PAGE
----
ELIXIR-NL obtained a position on the NWO ‘National Roadmap for Large-Scale Scientific Infrastructure’ in 2016. Our Roadmap ambition was to build a professional research data infrastructure, enabling scientists and innovators to contribute and re-use data, tools, and models, and to compute in a modular environment. An ‘app store-type’ protected environment would enable scientists to collaborate efficiently in order to answer complex research questions. In addition, we wanted to establish a national network of data managers to support this infrastructure.

Since the proposal was not funded by NWO, other ways have been sought to realize the goals of ELIXIR-NL.

Life science domains
When the proposal was submitted, Health-RI was a new initiative. Now that Health-RI is established and funded, it will invest in several Dutch nodes of health research infrastructures, including the health-directed components of ELIXIR. Via newly established Data Competence Centers in the institutes, the infrastructure will also be extended to serve as a backbone for other life science domains. We envisage a broad and scalable facility that eventually will support all data analytics and stewardship in the Dutch life sciences.

Established network
The ELIXIR-NL Roadmap plans were rooted in a strong network of dedicated Dutch professionals that have been collaborating for nearly two decades, for instance within the Netherlands Bioinformatics Centre (2003-2013), the Dutch Techcentre for Life Sciences (ongoing), CTMM-TraIT (2011-2015), Data4lifesciences (2016-2019), the Personal Health Train project (ongoing), the MRI/Cognition cluster (ongoing), and BBMRI-NL (first as two roadmap projects, now ongoing in Health-RI). The original partners from the 2017 roadmap proposal still strongly collaborate on this, and additional parties have joined several of the efforts in the mean time. The original ideas for a Digital Research Environment have progressed to a second generation implementation called anDREa that is in use in several academic institutes in The Netherlands and has an independent organisation for its governance.

Our Roadmap ambition is to build and support a professional research data infrastructure, enabling scientists and innovators to contribute and re-use data, tools, and models, and to compute in a modular environment. 

Modern life scientists use a variety of advanced technologies, such as genomics, proteomics, metabolomics, and imaging techniques. These technologies offer unprecedented opportunities to unravel the complexity of life and answer research questions of great societal relevance. However, they also bring challenges, in particular because they produce large and complex data sets that call for specialised ICT resources and data expertise.

Open Science
As a result of these developments, scientific excellence now requires collaborative, multidisciplinary approaches, i.e., open science. Structural collaboration between domain scientists and data scientists is an essential element of modern data-driven science. Unfortunately, our current science system insufficiently supports cross-domain and cross-technology approaches. This has resulted in fragmented, sub-optimal solutions, in particular for digital scientific infrastructures. We urgently need to improve this situation.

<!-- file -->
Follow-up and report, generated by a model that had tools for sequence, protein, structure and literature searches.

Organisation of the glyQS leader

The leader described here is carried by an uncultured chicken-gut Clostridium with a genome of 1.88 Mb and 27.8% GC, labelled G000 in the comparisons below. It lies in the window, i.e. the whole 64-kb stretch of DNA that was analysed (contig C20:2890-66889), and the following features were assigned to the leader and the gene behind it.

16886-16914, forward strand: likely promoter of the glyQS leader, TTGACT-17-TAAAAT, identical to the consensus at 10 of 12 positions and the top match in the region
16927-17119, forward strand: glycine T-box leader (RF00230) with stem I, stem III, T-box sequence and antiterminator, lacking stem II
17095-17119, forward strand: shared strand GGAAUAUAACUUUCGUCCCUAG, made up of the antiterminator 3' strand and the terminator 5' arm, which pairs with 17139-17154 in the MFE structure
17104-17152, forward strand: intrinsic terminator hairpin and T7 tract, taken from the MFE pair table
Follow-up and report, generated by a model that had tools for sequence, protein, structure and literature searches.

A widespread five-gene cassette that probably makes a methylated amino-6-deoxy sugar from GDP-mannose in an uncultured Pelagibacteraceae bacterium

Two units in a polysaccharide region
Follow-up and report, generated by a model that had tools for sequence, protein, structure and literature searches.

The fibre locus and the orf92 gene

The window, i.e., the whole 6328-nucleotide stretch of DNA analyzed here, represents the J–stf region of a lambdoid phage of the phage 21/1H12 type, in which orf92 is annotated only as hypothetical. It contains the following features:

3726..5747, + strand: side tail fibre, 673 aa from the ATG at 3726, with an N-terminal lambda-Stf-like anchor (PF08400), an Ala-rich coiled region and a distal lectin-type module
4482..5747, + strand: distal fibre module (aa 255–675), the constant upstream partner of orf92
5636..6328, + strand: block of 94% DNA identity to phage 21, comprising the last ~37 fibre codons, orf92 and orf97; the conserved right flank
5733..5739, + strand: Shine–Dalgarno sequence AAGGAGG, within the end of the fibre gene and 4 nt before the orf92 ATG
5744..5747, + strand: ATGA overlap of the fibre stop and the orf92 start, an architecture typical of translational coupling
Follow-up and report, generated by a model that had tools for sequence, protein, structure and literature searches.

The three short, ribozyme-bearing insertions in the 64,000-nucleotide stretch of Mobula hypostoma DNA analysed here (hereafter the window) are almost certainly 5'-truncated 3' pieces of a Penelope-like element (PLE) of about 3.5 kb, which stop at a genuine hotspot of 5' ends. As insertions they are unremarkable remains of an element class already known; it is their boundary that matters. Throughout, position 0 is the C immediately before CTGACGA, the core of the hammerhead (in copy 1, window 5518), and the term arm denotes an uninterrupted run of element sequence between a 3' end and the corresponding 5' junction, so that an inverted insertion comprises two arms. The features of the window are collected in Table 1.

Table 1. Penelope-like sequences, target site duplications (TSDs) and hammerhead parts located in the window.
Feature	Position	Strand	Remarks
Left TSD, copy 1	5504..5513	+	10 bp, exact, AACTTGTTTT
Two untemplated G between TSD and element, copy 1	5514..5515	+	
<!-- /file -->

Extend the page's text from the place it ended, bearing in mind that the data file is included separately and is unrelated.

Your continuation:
The Netherlands is considered a guiding country in open science, for instance because of its leading role in the design of the European Open Science Cloud and the FAIR Data principles (Findable, Accessible, Interoperable, and Reusable). Our country has a strong digital infrastructure and collaborative culture. This renders us eminently equipped to perform the daunting task of developing an efficient research data infrastructure. Our ambition will be realised by a strong network of dedicated Dutch professionals that have been collaborating for nearly two decades. We constitute a national consortium (ELIXIR-NL) with close international links.

Our ambition is to build an infrastructure that resembles the ‘app store’ environments of Apple and Android, enabling scientists to contribute and re-use data, tools, and models, and to compute in a modular environment. Within this infrastructure, the core backbone for semantic and syntactic interoperability allows tools, compute platforms, and data to work together seamlessly in variable, customised combinations. (Interoperability enables humans and computers to unambiguously recognise whether items in different data sources refer to the same thing, see ‘About FAIR Data‘.) Academic and industrial groups will be contributors as well as users, collectively building a professional digital research infrastructure that is geared towards complex, yet reproducible and low-overhead scientific research. The infrastructure will facilitate optimal translation into societal applications.

App store